Last Northumberland stretch of King Charles III England Coast Path opens

Photo: Northumberland County Council

The last stretch of King Charles III England Coast Path in Northumberland has officially opened.

The new stretch connects Bamburgh with the Scottish border, completing a continuous path between Bridlington in the East Riding of Yorkshire and the Scottish border, some 245 miles. It is the latest part of the 2,700 mile (4,345km) national trail to be opened and creates the longest section open to the public so far.

The route along Northumberland’s coast is known for its stunning beaches, often backed by rolling dunes, internationally important inter-tidal mudflats and geological diversity.

The easy-to-follow walking trail connects with the existing open trail at Bamburgh and passes through Budle Bay, Holy Island and Berwick-upon-Tweed. The King Charles III England Coast Path reaches Scotland at Marshall Meadows north of Berwick-upon-Tweed, England’s northernmost town.

As a national trail, the creation of the King Charles III England Coast Path on this stretch has improved the popular Northumberland coast path route with better signage and easier access, helping more visitors to enjoy the beauty, wildlife and heritage of the coast.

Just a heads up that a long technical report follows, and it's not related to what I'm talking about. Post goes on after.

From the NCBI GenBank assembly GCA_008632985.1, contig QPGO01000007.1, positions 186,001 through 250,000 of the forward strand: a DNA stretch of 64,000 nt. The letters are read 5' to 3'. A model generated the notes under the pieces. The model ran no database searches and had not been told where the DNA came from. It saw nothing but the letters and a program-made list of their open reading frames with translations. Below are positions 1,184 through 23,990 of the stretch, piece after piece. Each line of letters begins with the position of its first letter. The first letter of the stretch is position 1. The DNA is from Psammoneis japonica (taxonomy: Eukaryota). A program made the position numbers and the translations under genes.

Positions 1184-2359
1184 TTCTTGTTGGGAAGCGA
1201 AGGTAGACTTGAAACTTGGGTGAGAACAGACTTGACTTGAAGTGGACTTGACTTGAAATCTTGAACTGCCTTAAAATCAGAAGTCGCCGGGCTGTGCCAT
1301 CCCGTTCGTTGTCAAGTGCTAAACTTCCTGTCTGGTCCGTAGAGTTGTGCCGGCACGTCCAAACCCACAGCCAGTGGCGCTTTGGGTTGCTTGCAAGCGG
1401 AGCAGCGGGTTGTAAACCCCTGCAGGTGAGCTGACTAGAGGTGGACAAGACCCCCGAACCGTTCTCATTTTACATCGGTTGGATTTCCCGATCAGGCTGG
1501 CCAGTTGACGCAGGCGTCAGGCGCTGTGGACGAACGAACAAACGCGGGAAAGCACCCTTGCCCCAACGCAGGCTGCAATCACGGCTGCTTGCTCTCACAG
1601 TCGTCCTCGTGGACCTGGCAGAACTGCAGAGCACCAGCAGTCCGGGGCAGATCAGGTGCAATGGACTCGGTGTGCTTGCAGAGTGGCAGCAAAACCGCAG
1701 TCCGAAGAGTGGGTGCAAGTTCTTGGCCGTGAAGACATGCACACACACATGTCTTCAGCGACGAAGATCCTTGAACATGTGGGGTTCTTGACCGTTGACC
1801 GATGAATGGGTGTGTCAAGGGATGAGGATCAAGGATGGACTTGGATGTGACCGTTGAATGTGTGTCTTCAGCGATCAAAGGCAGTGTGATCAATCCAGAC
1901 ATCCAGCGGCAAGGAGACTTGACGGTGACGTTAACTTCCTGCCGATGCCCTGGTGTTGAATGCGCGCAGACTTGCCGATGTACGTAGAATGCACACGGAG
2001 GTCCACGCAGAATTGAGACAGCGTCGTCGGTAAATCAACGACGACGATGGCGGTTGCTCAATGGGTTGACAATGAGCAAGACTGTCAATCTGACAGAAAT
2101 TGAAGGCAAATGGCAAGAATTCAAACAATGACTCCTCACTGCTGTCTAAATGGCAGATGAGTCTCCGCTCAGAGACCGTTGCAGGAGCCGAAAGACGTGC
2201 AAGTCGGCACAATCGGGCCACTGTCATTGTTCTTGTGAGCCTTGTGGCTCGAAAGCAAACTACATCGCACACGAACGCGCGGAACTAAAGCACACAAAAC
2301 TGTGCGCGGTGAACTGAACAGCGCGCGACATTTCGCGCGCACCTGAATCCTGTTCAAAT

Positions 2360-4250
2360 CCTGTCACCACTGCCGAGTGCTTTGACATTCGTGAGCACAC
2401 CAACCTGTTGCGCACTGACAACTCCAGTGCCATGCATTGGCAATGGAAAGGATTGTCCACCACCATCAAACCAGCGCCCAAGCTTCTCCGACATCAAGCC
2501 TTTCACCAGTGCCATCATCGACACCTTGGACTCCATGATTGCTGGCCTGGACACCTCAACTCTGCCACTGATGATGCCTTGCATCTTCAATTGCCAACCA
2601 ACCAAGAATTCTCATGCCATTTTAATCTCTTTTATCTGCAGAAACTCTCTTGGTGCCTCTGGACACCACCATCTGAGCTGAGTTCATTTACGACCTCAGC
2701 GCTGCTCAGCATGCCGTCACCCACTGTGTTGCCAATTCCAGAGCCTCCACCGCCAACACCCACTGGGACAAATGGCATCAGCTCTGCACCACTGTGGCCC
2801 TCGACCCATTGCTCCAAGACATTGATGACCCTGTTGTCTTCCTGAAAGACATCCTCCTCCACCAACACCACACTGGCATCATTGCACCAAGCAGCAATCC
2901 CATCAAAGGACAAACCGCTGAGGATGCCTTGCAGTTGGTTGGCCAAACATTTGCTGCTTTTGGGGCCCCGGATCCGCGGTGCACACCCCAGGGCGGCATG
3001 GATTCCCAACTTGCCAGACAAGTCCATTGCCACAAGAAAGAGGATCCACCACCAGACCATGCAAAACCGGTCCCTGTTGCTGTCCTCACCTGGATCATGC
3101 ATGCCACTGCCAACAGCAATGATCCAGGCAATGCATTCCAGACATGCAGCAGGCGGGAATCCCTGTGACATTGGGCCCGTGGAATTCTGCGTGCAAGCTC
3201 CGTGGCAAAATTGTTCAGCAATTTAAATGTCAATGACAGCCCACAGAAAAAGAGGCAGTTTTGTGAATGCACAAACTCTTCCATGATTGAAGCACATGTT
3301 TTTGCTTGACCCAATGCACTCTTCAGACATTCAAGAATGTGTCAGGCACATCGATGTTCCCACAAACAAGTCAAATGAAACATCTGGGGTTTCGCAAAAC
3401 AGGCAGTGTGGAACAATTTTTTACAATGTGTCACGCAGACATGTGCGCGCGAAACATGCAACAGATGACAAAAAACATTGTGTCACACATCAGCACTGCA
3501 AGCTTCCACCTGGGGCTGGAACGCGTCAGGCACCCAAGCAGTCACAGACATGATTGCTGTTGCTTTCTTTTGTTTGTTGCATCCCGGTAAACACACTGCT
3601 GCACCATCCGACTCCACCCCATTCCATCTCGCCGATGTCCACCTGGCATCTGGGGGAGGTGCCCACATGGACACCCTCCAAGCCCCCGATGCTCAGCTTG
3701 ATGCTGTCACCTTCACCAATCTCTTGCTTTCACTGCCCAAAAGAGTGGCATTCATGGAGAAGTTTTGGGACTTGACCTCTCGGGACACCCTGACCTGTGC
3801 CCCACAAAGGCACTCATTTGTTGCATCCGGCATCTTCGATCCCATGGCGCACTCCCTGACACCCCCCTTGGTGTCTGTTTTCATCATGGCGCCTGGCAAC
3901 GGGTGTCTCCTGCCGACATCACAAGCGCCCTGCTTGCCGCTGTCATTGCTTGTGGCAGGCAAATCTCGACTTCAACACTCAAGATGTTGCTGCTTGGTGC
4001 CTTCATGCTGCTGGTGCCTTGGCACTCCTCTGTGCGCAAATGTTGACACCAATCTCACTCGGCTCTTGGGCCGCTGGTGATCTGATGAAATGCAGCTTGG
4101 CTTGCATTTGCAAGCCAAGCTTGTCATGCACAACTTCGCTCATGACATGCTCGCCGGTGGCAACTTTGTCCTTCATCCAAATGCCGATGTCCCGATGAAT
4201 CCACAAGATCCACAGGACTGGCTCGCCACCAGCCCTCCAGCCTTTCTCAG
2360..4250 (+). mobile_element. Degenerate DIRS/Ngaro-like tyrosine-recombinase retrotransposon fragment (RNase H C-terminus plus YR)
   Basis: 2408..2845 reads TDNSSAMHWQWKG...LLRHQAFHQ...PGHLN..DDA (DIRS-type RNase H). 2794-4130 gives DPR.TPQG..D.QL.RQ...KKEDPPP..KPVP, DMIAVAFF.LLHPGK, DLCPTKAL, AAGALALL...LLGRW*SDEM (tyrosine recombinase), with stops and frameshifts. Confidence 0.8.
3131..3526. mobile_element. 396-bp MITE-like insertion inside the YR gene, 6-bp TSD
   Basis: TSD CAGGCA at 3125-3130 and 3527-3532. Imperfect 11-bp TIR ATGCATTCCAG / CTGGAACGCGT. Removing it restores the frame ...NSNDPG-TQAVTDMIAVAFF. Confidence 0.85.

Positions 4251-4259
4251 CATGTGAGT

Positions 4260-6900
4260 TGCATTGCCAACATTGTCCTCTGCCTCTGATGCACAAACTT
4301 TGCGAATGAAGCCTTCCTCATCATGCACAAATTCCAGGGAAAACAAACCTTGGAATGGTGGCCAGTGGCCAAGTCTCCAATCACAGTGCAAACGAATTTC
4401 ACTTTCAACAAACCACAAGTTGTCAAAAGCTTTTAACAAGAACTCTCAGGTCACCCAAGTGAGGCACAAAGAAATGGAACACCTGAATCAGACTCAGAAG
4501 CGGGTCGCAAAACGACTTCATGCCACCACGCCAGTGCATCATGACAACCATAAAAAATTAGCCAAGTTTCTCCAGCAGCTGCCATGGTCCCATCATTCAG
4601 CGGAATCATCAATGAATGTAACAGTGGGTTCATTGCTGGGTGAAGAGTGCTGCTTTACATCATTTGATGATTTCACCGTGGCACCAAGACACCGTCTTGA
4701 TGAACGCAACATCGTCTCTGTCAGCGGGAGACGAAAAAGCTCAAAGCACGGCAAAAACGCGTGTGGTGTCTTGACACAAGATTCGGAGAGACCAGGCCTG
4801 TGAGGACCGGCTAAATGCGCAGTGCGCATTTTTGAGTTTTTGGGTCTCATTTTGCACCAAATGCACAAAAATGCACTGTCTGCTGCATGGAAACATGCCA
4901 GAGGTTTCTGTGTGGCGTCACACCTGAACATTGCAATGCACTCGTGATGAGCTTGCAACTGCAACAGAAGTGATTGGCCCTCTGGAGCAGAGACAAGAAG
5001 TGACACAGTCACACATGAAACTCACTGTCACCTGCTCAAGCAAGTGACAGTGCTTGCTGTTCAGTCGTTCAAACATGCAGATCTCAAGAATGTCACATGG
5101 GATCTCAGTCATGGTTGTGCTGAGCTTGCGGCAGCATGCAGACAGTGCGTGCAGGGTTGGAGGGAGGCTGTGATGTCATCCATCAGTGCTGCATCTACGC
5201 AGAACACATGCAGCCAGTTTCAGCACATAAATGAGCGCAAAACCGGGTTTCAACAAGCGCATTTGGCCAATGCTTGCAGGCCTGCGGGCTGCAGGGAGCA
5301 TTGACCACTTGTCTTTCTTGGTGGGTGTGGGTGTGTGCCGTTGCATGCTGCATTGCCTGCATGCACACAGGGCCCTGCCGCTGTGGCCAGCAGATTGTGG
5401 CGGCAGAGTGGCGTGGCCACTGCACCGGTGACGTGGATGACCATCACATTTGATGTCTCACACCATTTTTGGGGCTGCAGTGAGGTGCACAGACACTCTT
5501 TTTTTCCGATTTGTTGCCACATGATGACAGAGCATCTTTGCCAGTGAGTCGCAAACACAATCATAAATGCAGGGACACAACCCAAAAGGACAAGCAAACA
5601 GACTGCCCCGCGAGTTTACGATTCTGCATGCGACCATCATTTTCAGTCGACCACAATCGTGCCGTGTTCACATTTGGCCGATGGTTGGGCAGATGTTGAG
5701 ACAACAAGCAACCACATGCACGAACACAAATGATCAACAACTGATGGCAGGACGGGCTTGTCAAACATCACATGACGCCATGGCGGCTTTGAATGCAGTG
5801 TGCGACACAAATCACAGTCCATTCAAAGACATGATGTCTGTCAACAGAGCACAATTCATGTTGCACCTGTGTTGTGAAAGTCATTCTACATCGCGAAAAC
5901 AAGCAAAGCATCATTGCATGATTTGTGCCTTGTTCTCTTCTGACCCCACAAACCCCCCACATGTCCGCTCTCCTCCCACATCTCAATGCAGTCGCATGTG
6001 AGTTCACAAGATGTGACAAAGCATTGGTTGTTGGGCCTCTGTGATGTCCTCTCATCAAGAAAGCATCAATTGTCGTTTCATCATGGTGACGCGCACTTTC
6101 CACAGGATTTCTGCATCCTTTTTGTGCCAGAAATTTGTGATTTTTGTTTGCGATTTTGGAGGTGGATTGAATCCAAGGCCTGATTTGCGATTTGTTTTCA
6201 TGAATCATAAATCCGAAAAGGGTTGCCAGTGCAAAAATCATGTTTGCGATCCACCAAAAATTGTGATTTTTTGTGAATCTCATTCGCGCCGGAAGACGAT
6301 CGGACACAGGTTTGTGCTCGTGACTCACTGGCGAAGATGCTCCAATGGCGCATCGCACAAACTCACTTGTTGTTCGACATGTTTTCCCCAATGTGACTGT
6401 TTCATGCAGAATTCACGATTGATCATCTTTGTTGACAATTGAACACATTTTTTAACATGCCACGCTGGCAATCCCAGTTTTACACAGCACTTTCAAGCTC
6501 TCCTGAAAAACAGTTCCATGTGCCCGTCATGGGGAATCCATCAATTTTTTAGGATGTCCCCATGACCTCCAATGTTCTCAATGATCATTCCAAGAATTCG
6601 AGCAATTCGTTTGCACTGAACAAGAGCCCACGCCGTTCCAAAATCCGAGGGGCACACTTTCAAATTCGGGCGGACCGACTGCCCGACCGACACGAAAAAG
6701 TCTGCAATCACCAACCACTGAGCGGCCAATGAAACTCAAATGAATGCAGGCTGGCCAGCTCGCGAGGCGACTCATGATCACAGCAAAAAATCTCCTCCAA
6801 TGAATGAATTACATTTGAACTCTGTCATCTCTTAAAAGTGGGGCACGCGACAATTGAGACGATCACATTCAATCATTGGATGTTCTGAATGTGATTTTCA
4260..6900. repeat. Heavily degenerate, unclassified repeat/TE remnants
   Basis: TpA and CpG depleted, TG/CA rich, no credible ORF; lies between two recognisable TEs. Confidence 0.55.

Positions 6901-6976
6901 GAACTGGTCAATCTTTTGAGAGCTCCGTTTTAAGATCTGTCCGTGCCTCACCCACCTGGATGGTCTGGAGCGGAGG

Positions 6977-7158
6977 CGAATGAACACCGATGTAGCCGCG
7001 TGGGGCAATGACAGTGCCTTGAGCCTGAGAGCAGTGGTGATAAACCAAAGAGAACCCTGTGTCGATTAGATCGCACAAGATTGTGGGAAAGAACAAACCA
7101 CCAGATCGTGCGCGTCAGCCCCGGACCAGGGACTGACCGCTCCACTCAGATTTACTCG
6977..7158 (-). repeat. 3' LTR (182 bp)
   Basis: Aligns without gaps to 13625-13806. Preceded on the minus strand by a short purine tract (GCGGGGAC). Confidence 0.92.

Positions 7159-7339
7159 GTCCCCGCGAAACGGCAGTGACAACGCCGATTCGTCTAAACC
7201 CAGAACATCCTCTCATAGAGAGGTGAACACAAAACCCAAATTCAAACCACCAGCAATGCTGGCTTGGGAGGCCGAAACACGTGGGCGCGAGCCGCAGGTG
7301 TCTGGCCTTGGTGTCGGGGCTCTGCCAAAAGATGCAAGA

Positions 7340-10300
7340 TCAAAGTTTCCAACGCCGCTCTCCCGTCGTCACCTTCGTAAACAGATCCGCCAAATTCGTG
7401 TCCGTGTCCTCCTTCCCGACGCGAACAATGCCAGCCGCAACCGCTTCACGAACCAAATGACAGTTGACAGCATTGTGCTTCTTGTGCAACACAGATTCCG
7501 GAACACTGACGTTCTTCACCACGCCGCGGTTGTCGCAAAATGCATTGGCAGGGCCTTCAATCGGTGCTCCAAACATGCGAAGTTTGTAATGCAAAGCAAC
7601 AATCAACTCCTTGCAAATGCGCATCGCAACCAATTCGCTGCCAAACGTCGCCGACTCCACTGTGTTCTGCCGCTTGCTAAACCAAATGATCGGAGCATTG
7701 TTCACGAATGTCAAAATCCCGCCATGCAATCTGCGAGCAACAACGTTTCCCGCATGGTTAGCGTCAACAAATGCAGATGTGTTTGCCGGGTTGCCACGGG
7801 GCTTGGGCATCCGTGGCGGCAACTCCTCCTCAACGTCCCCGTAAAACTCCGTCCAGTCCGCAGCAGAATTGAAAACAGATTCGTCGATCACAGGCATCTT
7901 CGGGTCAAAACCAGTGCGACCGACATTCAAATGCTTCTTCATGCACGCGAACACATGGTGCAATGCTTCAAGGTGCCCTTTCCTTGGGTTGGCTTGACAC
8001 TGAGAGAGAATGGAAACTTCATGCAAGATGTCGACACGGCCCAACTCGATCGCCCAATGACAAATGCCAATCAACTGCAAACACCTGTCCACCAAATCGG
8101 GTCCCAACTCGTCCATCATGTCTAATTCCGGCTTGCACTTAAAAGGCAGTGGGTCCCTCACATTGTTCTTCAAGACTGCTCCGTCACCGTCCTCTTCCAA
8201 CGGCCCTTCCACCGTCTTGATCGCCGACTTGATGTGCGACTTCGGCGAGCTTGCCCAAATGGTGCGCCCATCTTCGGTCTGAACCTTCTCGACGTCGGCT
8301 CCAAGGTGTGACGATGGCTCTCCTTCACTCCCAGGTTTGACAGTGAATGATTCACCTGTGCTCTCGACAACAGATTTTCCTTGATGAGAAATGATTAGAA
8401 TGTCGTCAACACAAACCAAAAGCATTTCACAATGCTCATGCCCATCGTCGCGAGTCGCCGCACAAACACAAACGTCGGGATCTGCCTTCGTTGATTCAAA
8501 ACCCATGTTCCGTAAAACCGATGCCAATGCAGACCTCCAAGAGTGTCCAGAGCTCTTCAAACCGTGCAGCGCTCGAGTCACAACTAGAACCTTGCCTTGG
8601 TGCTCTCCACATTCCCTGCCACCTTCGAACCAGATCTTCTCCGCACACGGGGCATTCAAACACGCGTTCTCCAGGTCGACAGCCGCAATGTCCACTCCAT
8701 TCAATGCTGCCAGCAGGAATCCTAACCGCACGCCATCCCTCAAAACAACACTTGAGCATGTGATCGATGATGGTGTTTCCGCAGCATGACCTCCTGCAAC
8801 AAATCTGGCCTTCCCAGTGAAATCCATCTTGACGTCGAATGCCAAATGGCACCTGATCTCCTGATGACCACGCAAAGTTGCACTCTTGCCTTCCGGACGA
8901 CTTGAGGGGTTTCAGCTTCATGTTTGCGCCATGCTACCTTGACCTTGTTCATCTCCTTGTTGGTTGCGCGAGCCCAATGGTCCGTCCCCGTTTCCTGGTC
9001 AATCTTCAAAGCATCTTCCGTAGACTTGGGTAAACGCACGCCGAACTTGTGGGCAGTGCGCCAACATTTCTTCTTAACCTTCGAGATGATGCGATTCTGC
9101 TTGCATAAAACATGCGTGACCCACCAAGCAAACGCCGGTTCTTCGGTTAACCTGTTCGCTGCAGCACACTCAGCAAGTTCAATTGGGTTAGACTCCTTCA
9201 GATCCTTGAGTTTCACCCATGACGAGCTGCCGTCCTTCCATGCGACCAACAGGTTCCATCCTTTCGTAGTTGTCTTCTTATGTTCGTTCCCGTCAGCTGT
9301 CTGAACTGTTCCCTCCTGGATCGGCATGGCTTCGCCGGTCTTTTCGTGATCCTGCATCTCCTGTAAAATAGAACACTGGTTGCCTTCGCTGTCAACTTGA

The King Charles III England Coast Path will be the country’s longest National Trail connecting communities across the country. It will encourage more people to visit the coast and learn about the importance of our coastal environments. The trail is opening in sections around the coast and will be fully walkable by the end of 2024.

Natural England Area Manager for North East, Christine Venus said: “Today’s new stretch of the King Charles III England Coast Path will give people all over the country easy access to our spectacular local coastlines. Visitors can explore the stunning Northumberland coastline famed for its quiet sandy beaches and take in historic gems including Bamburgh Castle and Holy Island Priory.

“This national asset will also benefit the local economy – bringing walkers and visitors past the many businesses on this route, to shop, for refreshments and to stay.”

Natural England has worked in partnership with local authorities around the English coast to open sections of the coast path and more stretches will open soon.

In Northumberland, the Northumberland County Council, Northumberland Coast AONB and Historic England were some of the key stakeholders.

Councillor Jeff Watson, Cabinet Member with responsibility for Tourism at Northumberland County Council, said: “This path is a great news for residents who walk our superb coastline and will also open up opportunities for new visitors who want to explore the wonderful assets we have in our county.

 “Tourism is key to Northumberland’s economy and this stunning route should bring in additional visitors all year round who want to experience everything we have to offer.”